Back when I still wandered the urine-scented walls of a nursing home as my primary means of employment, I took a part-time job working with the Crisis Team in the Emergency Room one night a week. It wasn't such a bad gig, really. Not unlike an IHOP or Village Inn, the ER has a kind of relaxed, groovy sort of vibe in the middle of the night. There's some sort of camaraderie between a bunch of people up in the middle of the night, particularly when you're never sure what crazy thing could be rolling through the ambulance bay doors any minute. (And trust me. No amount of imagination or experience can accurately predict that sort of crazy.) It gave me the opportunity to see things I had only learned about in graduate school: hallucinations, overdoses, depression, and self-mutilation. Oh yeah, and anxiety.
In my patients, sure. There was plenty of anxiety there. But also, for the first time in my life, in me. Not I'm-taking-a-test-I-haven't-studied-enough-for anxiety or even I'm-so-scared-I-have-nervous-neck-rash anxiety. Waiting at home for that pager to start screeching turned me into someone I didn't recognize. I was nauseated and mean and tearful and restless. I paced and tossed and turned and made my husband dread Wednesdays as much as I did (almost).
And then the voices in my head started. (Luckily, not the kind that land you in the ER in the middle of the night talking to an over-eager crisis worker.)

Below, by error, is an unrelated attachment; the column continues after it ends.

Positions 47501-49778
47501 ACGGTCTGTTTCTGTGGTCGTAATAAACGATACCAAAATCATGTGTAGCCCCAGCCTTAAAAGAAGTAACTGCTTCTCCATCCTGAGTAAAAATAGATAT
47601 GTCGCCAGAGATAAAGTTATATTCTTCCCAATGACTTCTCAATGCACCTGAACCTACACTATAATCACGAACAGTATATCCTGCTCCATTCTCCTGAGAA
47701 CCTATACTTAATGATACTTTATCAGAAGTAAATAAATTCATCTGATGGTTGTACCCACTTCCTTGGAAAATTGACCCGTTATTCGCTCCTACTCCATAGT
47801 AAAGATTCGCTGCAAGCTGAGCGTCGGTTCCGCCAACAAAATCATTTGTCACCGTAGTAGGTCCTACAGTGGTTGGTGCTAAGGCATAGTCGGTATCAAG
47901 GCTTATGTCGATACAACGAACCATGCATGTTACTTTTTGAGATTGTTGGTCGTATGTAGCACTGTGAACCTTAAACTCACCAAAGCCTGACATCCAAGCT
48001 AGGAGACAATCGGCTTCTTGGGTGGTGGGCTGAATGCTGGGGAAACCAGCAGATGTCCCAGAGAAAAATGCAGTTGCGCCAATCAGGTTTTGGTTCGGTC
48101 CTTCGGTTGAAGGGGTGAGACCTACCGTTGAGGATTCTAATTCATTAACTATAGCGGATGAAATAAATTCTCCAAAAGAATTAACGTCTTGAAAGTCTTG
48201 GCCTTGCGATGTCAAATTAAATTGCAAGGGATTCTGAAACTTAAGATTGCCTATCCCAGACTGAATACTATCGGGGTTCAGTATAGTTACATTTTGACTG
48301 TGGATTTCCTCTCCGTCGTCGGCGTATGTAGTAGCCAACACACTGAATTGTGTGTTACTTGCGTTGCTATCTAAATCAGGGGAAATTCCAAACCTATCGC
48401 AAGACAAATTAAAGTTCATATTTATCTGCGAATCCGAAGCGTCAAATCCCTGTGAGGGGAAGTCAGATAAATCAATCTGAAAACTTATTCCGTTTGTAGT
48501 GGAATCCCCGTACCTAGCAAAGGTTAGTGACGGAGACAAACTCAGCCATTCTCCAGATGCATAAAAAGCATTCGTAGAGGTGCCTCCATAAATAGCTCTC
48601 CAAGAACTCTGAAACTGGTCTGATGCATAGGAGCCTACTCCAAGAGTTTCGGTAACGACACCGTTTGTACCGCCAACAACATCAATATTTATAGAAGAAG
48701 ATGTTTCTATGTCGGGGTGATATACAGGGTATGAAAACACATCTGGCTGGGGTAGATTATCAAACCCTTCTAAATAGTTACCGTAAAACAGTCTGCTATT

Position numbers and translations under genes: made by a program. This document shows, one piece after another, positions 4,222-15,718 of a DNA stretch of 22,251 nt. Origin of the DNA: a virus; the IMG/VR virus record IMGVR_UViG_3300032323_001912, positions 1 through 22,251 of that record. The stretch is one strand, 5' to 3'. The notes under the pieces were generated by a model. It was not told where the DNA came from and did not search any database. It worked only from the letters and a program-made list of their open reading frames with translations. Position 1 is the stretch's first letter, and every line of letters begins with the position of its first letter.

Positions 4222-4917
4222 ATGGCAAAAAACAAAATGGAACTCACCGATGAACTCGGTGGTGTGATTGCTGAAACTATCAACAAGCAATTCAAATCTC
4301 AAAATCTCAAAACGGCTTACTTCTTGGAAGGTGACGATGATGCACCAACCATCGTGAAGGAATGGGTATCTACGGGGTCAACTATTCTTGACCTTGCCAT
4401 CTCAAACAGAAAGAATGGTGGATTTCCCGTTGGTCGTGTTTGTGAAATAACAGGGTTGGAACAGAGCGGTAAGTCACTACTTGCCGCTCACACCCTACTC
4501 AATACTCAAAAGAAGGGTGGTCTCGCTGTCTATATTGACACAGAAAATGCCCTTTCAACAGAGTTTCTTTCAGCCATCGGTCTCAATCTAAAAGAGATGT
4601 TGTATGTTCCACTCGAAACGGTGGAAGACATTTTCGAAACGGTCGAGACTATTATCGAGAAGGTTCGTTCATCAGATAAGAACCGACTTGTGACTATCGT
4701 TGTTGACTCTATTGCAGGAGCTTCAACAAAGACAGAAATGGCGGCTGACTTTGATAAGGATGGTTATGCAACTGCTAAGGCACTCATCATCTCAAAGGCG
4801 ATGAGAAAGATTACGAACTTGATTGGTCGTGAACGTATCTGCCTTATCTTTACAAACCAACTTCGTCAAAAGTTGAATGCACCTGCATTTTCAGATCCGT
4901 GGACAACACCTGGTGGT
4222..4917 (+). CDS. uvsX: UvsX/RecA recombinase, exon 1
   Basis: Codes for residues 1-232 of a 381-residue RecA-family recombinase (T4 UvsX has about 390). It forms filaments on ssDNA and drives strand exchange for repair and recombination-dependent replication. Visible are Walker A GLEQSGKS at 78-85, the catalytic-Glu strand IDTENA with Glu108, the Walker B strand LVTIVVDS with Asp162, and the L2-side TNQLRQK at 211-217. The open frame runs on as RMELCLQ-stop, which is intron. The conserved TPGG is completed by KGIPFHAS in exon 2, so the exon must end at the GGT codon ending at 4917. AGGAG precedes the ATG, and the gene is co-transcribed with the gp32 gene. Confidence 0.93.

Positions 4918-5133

You're a social worker, for heaven's sake! they said. You can fix this. This is what you do.
So I exercised. And went for a walk. And watched television and read and took a bath and did yoga and cried and held in my tears and prayed. Over and over I prayed. And remained nauseated and mean and tearful and restless.
Luckily, thankfully, wonderfully, and oh-so-blessedly, I had a solution. A way to make it stop. I quit. It was the right decision for me and for my family. And for me, luckily, thankfully, wonderfully, and oh-so-blessedly, the gripping anxiety has not returned. I am left healthy and whole and as "normal" as I can hope to be. The only lasting effect is a greater measure of compassion for people who are not able to amputate their anxiety as easily as I was.
It is with these thoughts bouncing around in my head like popcorn in a microwave that I enter the 26th week of Floyd's gestational life. And I hate popcorn.
I did not understand that "pray always" could be a literal mandate. Because I take my vitamins and go to my appointments and eat my vegetables and wear my seatbelt and then the voices in my heart start.
Please bless the baby is ok. Please bless her to grow. Please bless her to move like that again and always. Please bless. Please?
And then- and THEN! (Isn't this post over, you beg? No. Sorry.)
And then I remember that someday she will come out. And that's good and beautiful and terrifying. And then there's SIDS and kidnappers and earthquakes and fires and bears and sharks and mean children and sharp things to poke and small things to swallow and swine flu to catch.
Floyd, Mama has a flicker of that anxiety left. Just so she can remember.
How do you cope? With babies or work or unemployment or illness or life? What works for you?